The Perfect Pie Crust Tutorial – With Pictures!

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Crust. In many cases the crust is the most difficult part of the pie. It requires a little know how. You can’t just pop it in the old blender. You have to treat it right.

One of the main things that kept me from making pies was my fear of Crust. The art of creating a perfect crust had eluded me for all of my life. My grandma seemed to be able to dip a cup in a bucket of flour, grab a handful of fat and a sprinkle of water and Bam! The perfect crust!

I tried that method. It didn’t work.

I tried following a strict list of ingredients.

Nope.

What worked was a combination of the two. The strict list of ingredients is a great place to start, understanding what just feels right is where you need to end. So let me tell you what things should feel like and how to get to that perfect point.

Ingredients for Double Crust: (you might as well always make a double crust, you can always freeze one!)

  • Flour: 2 1/4 Cups
  • Fat: 1 Cup (All butter, all shortening, or half and half – my favorite is half and half)
  • Water: 1/2 cup plus 2 T – use more by the sprinkle if necessary
  • Salt: 2 teaspoons
  • Sugar: 2 Tablespoons

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Here is the first key to good crust: Use your hands to mix. Do not use anything else. Just your hands.

Mix all the dry ingredients.

If you are using butter make sure it is cold, straight out of the fridge. Cut into 1/4 inch cubes. For shortening you can just break it up with your fingers once you are working the dough. My favorite crust is half butter half shortening, so that is what I am going to focus on in this post.

Put your fat into your flour mix.

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Mix with your fingers breaking up the shortening and smashing the butter chunks. Don’t touch it too much, you want the butter to stay cold. It should look something like this:

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Next pour in 1/2 cup of cold water. Using your fingers push the ingredients around, lifting and “folding” to push the moisture into the flour and fat mixture. Add water by the teaspoon mixing between each addition until it reaches a moist state but that probably still feels a little dry.

Like this:

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See how there are still quite a few little pieces that aren’t all incorporated? That’s ok, when you press it into balls it should stick. There shouldn’t be a lot of dry flour left, but little dry-ish pieces are fine. If a bunch of the little pieces aren’t sticking when you push it into balls then get your fingers wet and try again.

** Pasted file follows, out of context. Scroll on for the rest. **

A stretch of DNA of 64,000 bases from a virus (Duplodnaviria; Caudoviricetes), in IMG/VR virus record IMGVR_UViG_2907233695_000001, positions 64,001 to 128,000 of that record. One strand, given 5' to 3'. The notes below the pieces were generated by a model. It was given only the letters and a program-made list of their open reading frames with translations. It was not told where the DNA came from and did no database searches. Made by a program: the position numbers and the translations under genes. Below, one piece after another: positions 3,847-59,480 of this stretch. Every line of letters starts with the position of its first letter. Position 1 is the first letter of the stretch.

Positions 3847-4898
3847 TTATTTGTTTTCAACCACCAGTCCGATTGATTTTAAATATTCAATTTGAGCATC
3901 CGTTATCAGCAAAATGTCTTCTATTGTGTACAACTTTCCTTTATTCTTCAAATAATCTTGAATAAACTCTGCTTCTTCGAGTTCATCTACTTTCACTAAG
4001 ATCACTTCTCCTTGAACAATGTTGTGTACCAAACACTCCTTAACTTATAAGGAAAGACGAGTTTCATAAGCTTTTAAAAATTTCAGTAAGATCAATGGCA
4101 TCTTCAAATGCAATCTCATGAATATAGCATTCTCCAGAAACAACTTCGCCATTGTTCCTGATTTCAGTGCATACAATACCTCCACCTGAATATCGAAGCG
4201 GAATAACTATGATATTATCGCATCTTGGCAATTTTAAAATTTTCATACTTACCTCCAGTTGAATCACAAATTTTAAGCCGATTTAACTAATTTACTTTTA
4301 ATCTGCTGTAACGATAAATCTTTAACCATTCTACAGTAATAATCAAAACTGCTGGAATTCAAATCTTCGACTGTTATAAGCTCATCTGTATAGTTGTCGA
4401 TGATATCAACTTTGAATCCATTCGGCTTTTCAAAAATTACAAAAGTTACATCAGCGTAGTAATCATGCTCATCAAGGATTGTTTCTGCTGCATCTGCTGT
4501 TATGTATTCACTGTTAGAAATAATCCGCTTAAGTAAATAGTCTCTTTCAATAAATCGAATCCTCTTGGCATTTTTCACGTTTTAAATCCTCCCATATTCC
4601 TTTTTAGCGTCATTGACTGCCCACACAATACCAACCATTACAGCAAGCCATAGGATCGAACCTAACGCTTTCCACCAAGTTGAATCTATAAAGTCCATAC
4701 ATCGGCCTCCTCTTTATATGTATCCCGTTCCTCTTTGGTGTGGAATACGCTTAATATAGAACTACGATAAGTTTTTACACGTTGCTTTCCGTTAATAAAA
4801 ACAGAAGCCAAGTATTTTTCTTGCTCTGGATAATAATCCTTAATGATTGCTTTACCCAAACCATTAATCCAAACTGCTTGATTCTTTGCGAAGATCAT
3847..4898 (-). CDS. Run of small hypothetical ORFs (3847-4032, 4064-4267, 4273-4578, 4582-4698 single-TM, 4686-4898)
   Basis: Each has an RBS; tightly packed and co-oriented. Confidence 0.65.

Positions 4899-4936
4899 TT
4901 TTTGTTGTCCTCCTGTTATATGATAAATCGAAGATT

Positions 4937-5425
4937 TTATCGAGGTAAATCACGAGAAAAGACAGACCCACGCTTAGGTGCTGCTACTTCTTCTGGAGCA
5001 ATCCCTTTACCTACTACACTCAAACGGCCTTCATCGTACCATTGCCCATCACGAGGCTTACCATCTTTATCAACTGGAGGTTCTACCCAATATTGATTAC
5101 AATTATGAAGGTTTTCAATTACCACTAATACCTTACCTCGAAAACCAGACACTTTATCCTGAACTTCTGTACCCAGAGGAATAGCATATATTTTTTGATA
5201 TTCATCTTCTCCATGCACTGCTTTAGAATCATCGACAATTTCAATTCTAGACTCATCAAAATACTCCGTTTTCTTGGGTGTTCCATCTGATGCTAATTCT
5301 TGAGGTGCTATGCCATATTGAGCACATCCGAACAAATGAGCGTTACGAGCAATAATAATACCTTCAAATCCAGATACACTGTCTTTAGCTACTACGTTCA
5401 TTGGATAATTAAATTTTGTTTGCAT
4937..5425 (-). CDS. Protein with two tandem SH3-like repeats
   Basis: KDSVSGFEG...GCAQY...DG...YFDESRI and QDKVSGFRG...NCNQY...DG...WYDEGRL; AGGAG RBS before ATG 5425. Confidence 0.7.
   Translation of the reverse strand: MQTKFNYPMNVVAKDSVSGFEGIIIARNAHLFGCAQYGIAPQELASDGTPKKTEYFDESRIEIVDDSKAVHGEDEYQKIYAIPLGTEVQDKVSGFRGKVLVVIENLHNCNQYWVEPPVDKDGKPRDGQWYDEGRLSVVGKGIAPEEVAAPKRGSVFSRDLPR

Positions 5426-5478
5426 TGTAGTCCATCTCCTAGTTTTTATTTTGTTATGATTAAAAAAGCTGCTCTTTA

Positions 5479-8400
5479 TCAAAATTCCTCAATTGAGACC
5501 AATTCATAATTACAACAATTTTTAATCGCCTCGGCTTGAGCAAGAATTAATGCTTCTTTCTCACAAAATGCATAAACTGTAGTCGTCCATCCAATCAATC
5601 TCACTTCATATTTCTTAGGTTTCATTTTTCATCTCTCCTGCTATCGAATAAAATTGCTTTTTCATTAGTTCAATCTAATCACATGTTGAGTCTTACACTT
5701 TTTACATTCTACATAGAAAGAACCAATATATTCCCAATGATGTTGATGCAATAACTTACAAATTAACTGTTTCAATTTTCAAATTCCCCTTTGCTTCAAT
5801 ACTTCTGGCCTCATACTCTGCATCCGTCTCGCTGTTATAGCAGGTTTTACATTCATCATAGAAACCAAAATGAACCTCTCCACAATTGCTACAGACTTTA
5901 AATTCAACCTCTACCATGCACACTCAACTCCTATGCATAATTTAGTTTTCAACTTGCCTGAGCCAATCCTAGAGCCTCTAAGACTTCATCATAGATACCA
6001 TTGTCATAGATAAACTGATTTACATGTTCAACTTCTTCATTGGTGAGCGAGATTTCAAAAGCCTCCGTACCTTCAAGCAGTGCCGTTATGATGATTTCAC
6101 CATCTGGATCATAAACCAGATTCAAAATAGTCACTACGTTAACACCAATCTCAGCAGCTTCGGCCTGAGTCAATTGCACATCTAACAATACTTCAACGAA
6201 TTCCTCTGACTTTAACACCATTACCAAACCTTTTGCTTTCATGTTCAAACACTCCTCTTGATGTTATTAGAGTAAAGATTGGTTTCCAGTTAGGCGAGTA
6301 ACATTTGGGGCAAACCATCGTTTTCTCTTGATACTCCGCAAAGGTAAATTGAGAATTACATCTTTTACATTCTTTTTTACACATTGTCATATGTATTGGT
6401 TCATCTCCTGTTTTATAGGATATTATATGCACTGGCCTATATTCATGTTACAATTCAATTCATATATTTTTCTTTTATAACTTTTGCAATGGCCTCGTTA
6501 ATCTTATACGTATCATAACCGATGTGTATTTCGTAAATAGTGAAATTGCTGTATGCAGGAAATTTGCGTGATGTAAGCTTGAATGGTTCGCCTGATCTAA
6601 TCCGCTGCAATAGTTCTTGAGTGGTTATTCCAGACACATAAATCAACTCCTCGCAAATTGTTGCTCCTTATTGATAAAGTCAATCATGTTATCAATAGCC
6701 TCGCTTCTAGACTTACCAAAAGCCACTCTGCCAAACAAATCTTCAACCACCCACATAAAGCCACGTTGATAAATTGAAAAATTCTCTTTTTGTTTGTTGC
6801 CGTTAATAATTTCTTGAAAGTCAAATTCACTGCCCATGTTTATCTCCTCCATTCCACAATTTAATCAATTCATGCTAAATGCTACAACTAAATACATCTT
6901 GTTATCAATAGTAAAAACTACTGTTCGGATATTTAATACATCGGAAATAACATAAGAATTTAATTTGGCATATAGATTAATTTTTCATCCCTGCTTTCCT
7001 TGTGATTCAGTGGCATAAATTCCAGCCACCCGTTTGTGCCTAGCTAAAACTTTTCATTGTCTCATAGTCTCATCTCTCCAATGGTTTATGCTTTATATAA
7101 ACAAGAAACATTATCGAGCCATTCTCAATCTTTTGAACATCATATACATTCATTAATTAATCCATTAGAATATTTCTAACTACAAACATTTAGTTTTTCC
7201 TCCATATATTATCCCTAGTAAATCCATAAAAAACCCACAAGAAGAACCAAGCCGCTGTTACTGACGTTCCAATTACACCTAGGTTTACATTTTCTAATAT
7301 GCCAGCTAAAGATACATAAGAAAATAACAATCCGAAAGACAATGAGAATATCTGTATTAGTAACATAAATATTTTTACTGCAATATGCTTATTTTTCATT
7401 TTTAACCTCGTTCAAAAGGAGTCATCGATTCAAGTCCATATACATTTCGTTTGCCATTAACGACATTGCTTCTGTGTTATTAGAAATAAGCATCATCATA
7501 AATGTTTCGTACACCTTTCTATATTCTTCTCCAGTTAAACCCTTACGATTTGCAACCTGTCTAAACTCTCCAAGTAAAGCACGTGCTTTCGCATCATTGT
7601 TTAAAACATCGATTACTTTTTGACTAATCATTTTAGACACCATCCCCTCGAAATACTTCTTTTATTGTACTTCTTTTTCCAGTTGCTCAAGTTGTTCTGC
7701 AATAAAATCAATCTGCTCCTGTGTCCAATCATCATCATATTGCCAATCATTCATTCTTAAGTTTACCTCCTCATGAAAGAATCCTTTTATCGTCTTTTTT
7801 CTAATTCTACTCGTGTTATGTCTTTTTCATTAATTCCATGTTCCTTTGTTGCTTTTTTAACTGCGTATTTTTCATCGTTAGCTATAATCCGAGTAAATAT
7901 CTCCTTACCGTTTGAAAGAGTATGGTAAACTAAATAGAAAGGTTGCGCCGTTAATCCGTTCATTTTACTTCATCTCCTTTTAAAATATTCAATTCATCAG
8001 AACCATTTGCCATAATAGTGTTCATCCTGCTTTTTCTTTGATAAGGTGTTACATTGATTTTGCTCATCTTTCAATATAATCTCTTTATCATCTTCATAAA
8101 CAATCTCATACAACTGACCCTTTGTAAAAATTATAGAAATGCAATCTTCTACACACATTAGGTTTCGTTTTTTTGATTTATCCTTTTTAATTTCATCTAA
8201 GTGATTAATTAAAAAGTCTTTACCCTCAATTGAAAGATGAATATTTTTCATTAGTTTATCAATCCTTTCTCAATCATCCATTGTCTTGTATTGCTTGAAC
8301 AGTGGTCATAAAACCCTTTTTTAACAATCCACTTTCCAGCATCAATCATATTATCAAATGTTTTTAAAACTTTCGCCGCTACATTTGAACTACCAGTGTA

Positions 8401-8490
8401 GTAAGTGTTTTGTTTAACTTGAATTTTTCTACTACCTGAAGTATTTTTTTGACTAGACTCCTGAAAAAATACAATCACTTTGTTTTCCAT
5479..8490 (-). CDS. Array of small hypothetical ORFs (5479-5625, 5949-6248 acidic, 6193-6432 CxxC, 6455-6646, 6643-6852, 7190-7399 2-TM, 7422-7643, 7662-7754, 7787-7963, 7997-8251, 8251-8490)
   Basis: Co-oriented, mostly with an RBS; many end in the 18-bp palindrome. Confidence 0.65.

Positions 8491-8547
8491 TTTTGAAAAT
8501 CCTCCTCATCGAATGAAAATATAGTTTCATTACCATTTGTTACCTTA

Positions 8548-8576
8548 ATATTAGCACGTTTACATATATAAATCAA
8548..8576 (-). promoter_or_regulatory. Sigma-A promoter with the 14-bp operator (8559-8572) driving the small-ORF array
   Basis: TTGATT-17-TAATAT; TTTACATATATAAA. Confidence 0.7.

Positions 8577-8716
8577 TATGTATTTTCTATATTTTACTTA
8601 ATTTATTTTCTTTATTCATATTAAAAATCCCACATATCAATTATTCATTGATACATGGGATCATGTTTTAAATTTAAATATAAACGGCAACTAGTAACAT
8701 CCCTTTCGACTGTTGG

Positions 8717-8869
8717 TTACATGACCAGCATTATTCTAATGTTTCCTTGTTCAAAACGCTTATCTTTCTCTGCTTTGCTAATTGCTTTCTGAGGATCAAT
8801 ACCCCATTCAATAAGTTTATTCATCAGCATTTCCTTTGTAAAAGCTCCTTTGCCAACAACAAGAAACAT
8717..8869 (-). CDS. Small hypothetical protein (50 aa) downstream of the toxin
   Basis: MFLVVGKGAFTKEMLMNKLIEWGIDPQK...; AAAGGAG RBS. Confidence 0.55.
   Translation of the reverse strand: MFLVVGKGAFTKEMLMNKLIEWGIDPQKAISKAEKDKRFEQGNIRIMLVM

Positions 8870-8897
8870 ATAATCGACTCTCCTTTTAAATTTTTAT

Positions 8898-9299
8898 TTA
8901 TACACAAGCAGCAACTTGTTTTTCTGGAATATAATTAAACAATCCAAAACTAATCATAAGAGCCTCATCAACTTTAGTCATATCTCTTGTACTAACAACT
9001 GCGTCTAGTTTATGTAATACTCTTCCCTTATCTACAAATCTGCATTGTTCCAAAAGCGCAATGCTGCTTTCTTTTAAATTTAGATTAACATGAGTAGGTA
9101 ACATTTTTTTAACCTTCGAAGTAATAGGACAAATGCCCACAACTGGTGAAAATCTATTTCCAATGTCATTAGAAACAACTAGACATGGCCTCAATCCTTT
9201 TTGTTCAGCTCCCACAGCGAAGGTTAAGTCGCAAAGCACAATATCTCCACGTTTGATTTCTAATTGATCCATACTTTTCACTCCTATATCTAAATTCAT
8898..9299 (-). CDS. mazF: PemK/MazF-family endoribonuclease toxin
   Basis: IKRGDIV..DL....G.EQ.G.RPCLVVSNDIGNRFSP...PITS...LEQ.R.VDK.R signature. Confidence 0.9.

You want the dough to end up holding easily in a ball without being sticky. It should have a mat look to it. Press gently into two equal balls.

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Wrap in cling wrap and put them in the fridge for at least 3 hours or over night.

Rolling out the dough.

Clear a nice large flat surface and sprinkle with flour. Place your cold dough in the center and sprinkle some flour on top of your dough (so that the rolling-pin doesn’t stick to it)

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Press it into a flat round pancake with the heel of your hand.

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Lift the pancake and sprinkle more flour under it, when you pressed it flat it will probably have stuck to the surface. Begin rolling the dough. You don’t have to press down very hard, just roll the pin across it.

Roll once, turn dough a 1/4 turn.

Roll once, turn dough a 1/4 turn.

Roll once, turn dough a 1/4 turn.

This will keep it from sticking to your surface and ripping when you try to transfer it to your pie pan.

Continue this pattern until it is large enough to fill your pie pan and fall a bit over the sides.

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See those big yellow spots of butter? That’s great!

If you are rolling and get cracks at your edges that’s ok. Just smush them together with your fingers then keep rolling.

Crack:

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Fixed!

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Fold your crust in half and place in the pie pan. Unfold it and press lightly into the pan so that it fits just right. Cut the excess off the edges leaving about an inch hanging over the edge of the pan. Pinch or press decoratively.

If you are doing a top crust brush it with an egg wash (an egg white whisked with a Tablespoon of water) to get a beautiful browned color.

For pictures and instructions on making a lattice top crust see my Strawberry Rhubarb pie post! Or just lay the crust over the top of your pie, cut a few vents, and pinch into place.

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A delicious crust can take a pie from ok to amazing. I hope this post helps to do that for you!

 

 

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3 thoughts on “The Perfect Pie Crust Tutorial – With Pictures!

  1. Pingback: Strawberry Rhubarb Pie with a Lattice Top Crust | Friday: Pie Day

  2. Pingback: Chocolate Chess Pie – AKA Brownie Custard Pie! | Friday: Pie Day

  3. Pingback: Blackberry Pie | Friday: Pie Day

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